Joanne M. Pierce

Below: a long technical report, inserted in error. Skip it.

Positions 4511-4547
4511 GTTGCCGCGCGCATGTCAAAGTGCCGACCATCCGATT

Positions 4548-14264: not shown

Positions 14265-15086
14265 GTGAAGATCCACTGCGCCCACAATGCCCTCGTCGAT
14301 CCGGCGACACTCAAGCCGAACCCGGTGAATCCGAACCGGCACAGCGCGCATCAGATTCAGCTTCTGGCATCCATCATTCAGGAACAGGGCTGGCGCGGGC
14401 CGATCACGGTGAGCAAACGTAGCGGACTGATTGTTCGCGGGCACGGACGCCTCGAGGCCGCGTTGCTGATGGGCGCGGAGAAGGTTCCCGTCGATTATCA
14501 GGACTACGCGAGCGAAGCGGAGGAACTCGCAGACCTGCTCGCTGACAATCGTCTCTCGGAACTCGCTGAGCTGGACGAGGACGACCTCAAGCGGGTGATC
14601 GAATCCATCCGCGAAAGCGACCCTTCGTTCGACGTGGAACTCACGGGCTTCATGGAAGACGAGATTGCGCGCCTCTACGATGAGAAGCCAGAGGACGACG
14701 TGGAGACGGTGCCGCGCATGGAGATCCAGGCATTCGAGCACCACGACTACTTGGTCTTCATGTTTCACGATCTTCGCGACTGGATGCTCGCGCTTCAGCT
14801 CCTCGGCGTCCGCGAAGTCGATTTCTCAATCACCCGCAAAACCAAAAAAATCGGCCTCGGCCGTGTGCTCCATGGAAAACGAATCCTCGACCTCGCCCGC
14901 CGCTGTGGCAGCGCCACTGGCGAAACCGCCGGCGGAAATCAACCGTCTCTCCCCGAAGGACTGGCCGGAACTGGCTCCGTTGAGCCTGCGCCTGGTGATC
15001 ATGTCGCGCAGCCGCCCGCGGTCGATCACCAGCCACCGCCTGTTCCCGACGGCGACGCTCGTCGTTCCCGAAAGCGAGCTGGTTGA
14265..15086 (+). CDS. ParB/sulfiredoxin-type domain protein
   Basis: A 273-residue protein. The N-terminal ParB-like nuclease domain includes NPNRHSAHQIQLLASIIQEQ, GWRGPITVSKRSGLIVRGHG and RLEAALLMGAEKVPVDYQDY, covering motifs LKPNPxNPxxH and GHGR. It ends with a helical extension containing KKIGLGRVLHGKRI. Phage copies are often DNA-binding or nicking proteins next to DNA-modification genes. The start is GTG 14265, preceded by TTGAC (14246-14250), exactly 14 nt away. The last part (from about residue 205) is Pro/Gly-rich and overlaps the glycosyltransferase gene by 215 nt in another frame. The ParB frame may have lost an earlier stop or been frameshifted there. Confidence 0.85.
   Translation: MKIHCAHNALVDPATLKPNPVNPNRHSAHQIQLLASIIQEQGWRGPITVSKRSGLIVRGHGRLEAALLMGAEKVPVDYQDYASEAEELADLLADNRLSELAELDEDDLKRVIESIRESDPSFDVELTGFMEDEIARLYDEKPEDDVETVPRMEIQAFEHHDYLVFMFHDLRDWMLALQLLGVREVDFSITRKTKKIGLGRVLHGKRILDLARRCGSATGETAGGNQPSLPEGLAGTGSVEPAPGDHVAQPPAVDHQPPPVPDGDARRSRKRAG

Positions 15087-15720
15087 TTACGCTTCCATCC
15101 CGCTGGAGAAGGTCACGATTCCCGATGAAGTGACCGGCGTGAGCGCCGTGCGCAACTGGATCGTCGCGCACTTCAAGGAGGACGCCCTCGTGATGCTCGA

Any history of Christian liturgy must address the origins and development of the various material elements that are used during these celebrations. These have their own specific history, just as does the architectural and artistic context of the liturgy. Many of the specialized garments, or vestments, worn by ministers during liturgical services in several contemporary Christian churches originated in elements of ordinary or honorific dress used in the ancient Roman Empire. Over the course of several centuries, the style and type of vestments used in Western Christianity diverged from those used in Eastern Christianity, until today the differences are more striking than the similarities, even in shared individual elements like the stole and the chasuble. In addition, different kinds of vestments are used by different ministers (for example, the deacon, priest, or bishop) and in different kinds of sacramental and liturgical ceremonies. What a minister might wear at one service, for example evening prayer or the administration of baptism, might not be the same as those expected for the celebration of the Eucharist (the Mass, the holy communion, or the divine liturgy). The same is true for the essential vessels used during the celebration of the Eucharist: the chalice to hold the wine, and the paten, or plate, on which rests the bread to be blessed. Both of these have developed in distinctive styles in both West and East over time. The same is true of many of the other vessels and implements needed for the Eucharist and those used in other liturgical services. Examples include containers designed to hold water, oil, or incense as well as the number and style of altar cloths, veils, and candles utilized at different times and places.